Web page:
Corporate Directors’ Fiduciary Duty to Monitor – Failure to Comply Could Result in Personal Liability
THE DUTY TO MONITOR
Corporate directors should be aware of recent developments in Delaware corporations’ law. Directors of businesses that operate in California, but which are incorporated in Delaware, may have a fiduciary duty to monitor the corporation for any violations of law. Failure to do so could result in personal liability.
What are Fiduciary Duties?
Officers and directors of a corporation owe fiduciary duties to the corporation including a duty of care, and a duty of loyalty. The duty of care requires fiduciaries to act in an informed manner. It requires fiduciaries to review all relevant information reasonably available to them before making company decisions. The duty of loyalty requires fiduciaries to act in a disinterested manner, in good faith, and to avoid self-dealing or actions that would benefit themselves at the corporation’s expense.
The Duty to Monitor
Delaware Courts have recently recognized that as part of their fiduciary duties, directors owe their corporation a “duty to monitor.” The duty to monitor requires directors to monitor the corporation’s compliance with laws, standards and internal protocols. Directors can be held personally liable for breaching the duty to monitor if: (1) they knew or should have known that the corporation was violating the law, (2) they took no steps in good faith to prevent or remedy the situation, and (3) their failure to monitor caused harm to the plaintiff.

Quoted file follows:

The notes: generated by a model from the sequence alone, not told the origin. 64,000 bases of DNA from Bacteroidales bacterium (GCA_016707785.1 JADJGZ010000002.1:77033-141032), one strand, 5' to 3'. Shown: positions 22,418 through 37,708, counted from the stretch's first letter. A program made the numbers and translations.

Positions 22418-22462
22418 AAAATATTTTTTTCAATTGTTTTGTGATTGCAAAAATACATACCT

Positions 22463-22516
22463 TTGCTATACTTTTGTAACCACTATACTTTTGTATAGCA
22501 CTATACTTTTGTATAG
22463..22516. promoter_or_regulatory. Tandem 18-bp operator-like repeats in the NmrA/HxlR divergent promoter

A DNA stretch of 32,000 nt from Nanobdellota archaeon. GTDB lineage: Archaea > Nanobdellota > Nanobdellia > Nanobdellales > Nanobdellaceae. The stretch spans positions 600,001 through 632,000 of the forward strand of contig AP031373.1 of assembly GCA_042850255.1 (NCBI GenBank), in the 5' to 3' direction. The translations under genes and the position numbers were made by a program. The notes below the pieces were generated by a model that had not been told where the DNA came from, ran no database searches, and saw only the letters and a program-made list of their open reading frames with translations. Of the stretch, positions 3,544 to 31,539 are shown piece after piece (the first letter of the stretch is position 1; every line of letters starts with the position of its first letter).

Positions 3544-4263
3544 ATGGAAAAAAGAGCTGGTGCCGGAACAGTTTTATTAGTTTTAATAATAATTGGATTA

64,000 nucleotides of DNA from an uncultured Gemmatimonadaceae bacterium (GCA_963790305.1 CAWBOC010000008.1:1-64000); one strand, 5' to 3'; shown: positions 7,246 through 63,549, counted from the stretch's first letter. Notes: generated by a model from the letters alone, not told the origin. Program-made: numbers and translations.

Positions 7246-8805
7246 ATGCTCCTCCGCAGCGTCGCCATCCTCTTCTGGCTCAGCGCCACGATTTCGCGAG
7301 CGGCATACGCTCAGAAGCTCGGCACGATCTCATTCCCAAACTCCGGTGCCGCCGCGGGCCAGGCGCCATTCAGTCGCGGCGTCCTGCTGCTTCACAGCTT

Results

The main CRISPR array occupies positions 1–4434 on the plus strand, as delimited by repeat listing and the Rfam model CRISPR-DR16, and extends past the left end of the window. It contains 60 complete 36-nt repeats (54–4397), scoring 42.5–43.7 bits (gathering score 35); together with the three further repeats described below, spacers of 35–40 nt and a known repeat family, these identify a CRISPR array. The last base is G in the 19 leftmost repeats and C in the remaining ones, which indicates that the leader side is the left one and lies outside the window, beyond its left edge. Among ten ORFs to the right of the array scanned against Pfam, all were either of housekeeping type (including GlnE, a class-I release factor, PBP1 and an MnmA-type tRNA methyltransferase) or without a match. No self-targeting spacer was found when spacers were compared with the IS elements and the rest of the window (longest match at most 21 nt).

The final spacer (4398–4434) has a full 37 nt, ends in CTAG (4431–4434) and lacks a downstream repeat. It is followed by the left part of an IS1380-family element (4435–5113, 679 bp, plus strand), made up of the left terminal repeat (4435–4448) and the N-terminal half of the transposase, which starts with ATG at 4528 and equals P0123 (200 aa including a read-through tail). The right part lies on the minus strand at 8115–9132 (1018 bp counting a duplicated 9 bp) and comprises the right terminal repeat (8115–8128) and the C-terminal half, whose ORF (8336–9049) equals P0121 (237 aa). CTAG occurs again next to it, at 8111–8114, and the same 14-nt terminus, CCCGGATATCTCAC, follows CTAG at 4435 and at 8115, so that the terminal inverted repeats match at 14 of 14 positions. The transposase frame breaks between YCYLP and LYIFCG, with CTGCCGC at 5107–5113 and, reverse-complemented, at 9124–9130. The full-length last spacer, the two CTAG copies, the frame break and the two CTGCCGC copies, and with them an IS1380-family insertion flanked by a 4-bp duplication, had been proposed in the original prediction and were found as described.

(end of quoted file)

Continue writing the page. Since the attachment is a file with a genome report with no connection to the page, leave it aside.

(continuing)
The Internal Affairs Doctrine
California has not imposed a duty to monitor on corporate directors. However, Delaware corporations that operate in California may be bound by Delaware law on the issue.
Under the “internal affairs doctrine,” the internal affairs of a corporation are governed by the laws of the state in which it was incorporated. (See Cal. Corp. Code § 2116). Some examples of conduct falling within the internal affairs doctrine includes:
- the election or appointment of directors and officers;
- the adoption of by-laws;
- the issuance of shares;
- methods of voting including any requirements for cumulative voting; and
- shareholders rights to examine corporate records.
The internal affairs doctrine is limited to matters that are peculiar to the relationships among or between the corporation and its officers, directors and shareholders. Other matters such as the making of contracts, the commission of torts, the transfer of property any other issues where California has a “more significant relationship” to the corporation will be governed by local California Law.
Corporate boards of directors should implement comprehensive compliance procedures to assist them in monitoring the corporation. When a potential violation is discovered, directors should take action quickly to bring the corporation in compliance with the law.
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